But Biden’s antiquated attitudes toward marijuana—shared by some older Democrats who worry about being labeled as soft on crime or even as hippies—are increasingly out of step with the mainstream. Biden and his party both are in need of political wins, and relaxing marijuana laws—or fully legalizing the drug—is extremely popular. It’s also increasingly bipartisan. A majority of both Democrats and Republicans now favor legalization. Many of the leading political voices on the issue in recent years are Republicans: Nancy Mace and David Joyce, both Republican congressmen, have bills relating to marijuana legalization and expunging the records of past offenders.
For Democrats, this could mean that they would be unlikely to reap the sole political rewards for any efforts on marijuana policy. Lucky for them, many in the party—including the president himself—are desperate to notch bipartisan wins. Passing a bill in Congress would almost certainly garner sizable support from Republicans as well as Democrats and possibly even more than the infrastructure bill that was signed into law last month. There are several options. The most promising is the Cannabis Administration and Opportunity Act, a bill being pushed by Senate Majority Leader Chuck Schumer, Cory Booker, and Ron Wyden that builds on a legalization bill passed by the House last year. (There are also several other, less ambitious legalization bills floating around, including the MORE Act.) Unfortunately, a frosty reception from some Democrats, a lack of enthusiasm from Senate Republicans, and the continued existence of the filibuster means that these efforts have stalled out—for now. The bully pulpit, plus the midterm elections, could revive them.
There are other options, however. Mace is pushing a bill that would decriminalize marijuana, while Joyce has one that would reform the federal government’s incredibly outdated marijuana policies. Given the general sense of inertia in Congress, there are other less far-reaching but still important things the Biden administration could do. The Cole memo, issued by Eric Holder in 2013 and revoked by Jeff Sessions five years later, instructed U.S. attorneys not to enforce federal marijuana laws. That memo could be reinstated and even expanded to other departments. Biden could offer clemency to people currently imprisoned for nonviolent cannabis-related offenses and pardons for them and those who have been released.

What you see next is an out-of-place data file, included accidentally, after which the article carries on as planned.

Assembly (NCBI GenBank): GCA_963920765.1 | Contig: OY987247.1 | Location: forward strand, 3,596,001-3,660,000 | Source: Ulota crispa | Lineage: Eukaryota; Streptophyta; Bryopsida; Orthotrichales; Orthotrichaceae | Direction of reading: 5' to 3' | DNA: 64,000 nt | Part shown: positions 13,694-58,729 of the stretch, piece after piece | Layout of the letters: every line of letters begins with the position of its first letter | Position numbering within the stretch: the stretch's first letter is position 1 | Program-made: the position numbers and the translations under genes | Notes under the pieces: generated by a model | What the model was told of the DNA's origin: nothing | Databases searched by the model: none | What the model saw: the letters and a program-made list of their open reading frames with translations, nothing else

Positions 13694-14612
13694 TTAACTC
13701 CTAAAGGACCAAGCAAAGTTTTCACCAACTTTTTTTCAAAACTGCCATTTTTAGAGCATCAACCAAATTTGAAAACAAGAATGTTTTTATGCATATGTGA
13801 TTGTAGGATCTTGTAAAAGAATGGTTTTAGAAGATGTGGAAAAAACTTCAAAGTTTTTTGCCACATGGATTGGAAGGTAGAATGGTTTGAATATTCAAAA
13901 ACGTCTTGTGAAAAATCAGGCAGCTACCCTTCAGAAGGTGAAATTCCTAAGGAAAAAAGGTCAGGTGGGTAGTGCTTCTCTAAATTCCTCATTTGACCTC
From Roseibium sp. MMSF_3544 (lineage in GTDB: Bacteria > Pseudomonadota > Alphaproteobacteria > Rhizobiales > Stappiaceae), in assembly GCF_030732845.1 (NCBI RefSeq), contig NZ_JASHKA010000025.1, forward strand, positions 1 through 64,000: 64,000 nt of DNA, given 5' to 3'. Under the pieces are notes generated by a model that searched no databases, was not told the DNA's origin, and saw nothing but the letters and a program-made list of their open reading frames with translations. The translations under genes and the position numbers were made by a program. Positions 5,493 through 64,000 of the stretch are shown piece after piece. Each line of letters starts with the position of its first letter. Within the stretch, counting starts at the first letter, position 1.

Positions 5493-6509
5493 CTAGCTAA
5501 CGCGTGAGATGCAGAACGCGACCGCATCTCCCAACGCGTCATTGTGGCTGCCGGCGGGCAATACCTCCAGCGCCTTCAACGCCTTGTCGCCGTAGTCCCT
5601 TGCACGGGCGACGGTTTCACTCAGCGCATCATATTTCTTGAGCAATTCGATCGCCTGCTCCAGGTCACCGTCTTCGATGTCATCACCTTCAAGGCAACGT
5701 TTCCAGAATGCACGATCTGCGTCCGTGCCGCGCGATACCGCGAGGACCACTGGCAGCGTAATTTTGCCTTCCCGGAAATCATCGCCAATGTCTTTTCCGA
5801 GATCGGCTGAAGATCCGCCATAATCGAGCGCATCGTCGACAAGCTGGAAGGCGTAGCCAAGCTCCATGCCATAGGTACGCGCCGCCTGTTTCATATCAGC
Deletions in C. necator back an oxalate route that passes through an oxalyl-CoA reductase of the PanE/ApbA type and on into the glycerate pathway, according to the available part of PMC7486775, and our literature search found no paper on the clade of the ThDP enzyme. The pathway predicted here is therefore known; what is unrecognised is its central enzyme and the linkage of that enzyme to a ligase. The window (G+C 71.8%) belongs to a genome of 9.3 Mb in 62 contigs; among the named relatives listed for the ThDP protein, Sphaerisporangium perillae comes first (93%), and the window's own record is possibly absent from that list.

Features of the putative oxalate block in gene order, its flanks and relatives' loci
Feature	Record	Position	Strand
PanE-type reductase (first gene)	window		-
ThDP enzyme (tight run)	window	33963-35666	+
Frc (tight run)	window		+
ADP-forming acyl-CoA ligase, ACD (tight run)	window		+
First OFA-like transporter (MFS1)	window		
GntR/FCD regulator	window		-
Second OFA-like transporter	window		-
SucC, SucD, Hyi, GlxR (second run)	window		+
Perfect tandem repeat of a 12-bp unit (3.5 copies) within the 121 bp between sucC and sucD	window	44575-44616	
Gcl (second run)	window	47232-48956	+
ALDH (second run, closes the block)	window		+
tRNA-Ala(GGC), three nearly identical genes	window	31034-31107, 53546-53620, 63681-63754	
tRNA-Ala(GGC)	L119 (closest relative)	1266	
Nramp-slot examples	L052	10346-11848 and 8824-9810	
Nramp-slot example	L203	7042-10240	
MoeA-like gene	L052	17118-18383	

All of this would be better politically and morally, and in policy terms, than what Democrats are doing now. “You would think that President Biden would embrace legalization, considering where his constituents are on this issue,” Lindsey told me. “There’s really no question [about] the level of support that they have, and yet the president seems to be AWOL.” After a year ending with political and legislative inertia—and with Biden’s tanking poll numbers, particularly among young people—marijuana policy would be the perfect place to start.